His next step was to find the chefs for his business. The International Rescue Committee, as well as local churches and synagogues, were key partners in identifying potential refugee and immigrant chefs. Through these partnerships, Vang built a team of chefs.

One of those chefs was Yebralem, a refugee from Eritrea, who was busily preparing ali cha (beef and potato stew) and shiro (chickpea mash) on a recent day. Her workweek is busier than usual, as she is the featured chef of Taste the World, a weekly subscription program for Foodhini.

“Foodhini is family,” Yebralem said with a smile, “I am happy.”

Recounting the long journey that brought her to Foodhini, she said, “food is my nature.”

In her native Eritrea, Yebralem had cooked for weddings, catering for groups as large as 400 guests. Political instability within Eritrea forced her and her family to flee, first moving to South Africa before ultimately moving to the United States as refugees nearly three years ago.

Yebralem’s first job in the United States was in pre-packaged food manufacturing. She was introduced to Vang through the International Rescue Committee.

For her interview with Vang, she prepared a variety of Eritrean food, including specitini (chicken and tomato stew) and zigni (spicy beef stew). Yebralem joined Foodhini in the spring of 2018.

Although it has been easy to find fresh meat and vegetables, finding authentic Eritrean ingredients in D.C. has proven to be a challenge for Yebralem. She makes certain ingredients, such as butter, from scratch. Yebralem has been able to find many of the spices that she needs in Ethiopian grocery stores. Though there are variations between Eritrean and Ethiopian cuisines, the ingredients and dishes are very similar.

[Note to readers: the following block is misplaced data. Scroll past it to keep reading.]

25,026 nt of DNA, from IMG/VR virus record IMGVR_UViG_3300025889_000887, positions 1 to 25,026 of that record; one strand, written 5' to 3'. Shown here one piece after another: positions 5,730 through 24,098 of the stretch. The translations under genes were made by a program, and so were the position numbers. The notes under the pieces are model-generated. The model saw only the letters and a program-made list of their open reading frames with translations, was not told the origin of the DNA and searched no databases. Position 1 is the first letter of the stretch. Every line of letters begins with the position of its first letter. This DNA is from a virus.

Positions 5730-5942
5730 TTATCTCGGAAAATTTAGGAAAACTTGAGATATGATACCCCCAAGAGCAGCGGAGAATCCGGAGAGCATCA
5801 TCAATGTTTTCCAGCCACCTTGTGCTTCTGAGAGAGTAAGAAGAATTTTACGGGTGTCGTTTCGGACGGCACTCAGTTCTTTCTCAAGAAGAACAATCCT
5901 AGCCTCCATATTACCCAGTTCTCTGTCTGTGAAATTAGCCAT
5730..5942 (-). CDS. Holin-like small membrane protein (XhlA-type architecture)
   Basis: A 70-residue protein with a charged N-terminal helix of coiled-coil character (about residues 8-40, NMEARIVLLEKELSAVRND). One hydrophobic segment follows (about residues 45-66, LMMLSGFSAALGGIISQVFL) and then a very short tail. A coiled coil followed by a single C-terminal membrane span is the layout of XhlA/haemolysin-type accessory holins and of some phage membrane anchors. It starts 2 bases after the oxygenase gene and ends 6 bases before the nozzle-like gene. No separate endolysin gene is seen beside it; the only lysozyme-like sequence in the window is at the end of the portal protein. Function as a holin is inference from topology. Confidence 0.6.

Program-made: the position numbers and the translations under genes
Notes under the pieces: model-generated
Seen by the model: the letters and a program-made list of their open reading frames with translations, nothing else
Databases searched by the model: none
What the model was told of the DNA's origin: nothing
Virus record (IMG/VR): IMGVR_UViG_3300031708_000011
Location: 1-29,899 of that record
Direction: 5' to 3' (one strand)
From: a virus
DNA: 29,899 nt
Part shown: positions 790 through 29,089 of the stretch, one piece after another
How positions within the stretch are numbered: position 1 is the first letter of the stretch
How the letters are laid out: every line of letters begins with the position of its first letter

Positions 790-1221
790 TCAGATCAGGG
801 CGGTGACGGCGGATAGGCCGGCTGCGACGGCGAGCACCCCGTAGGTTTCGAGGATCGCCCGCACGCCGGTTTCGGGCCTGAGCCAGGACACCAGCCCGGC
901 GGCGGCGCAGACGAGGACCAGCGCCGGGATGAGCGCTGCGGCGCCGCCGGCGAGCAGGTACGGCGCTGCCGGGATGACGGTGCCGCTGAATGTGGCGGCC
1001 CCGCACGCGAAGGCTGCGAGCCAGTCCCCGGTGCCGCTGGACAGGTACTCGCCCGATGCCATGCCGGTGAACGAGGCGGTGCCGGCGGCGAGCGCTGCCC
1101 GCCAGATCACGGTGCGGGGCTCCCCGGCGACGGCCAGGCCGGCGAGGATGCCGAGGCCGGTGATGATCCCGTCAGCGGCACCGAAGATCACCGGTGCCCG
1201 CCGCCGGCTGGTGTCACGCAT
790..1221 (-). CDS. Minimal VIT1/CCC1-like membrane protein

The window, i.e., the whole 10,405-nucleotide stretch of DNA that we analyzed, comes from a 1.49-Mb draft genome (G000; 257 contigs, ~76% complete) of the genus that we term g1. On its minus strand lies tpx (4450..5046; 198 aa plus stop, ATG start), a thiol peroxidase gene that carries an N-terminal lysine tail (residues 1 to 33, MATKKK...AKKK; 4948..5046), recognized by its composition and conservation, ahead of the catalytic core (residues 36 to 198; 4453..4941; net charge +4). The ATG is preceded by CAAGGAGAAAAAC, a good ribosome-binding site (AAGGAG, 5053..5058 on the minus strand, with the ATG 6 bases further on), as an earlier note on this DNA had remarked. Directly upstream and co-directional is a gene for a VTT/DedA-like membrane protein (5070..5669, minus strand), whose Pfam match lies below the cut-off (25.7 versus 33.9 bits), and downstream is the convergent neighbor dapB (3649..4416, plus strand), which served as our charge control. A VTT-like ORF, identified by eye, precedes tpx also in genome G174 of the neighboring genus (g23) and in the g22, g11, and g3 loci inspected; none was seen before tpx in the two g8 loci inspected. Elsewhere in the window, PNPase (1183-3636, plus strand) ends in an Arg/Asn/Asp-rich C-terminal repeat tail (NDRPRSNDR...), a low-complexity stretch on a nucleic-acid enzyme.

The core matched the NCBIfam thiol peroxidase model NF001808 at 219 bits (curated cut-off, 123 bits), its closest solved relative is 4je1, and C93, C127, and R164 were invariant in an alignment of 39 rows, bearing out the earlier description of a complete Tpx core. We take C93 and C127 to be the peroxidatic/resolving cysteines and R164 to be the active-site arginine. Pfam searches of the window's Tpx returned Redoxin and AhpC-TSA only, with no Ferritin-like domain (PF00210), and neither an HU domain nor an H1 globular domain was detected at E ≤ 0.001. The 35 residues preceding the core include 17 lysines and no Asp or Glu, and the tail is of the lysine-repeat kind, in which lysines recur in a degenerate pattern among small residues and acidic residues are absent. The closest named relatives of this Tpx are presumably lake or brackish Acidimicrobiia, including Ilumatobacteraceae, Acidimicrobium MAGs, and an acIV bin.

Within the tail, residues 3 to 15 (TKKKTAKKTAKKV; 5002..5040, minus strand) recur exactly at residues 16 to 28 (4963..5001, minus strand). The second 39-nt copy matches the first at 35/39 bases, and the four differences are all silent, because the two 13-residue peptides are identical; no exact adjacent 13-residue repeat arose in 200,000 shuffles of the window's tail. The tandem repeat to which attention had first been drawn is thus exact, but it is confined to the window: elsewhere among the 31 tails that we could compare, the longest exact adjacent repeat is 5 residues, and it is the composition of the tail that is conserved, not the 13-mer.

Above all, Yebralem is intent on making her customers happy. For example, she will modify her recipes for vegetarians, using potatoes in her stews instead of meat. If a customer prefers a lower spice level, she will adjust it accordingly.

“If you like it, I’ll do it like that,” she said.

If one of the Foodhini chefs receives a large order, the other chefs will help them fill it. Yebralem has taught the other chefs how to cook her dishes, while she in turn has learned how to make Iranian and Syrian food.

“It's been really cool to see some chefs experiencing foods they'd never had before, and vice versa, and them working together, cooking together,” Vang said.


Vang and his partners are intent on creating sustainable job opportunities for the Foodhini chefs. Each chef team member is salaried and can receive health-care benefits. Vang envisions Foodhini as a launching pad for his chefs, allowing them to one day branch out and start their own restaurants or business ventures. Building the connection between the D.C. community and the Foodhini chefs is a key component of Vang’s vision.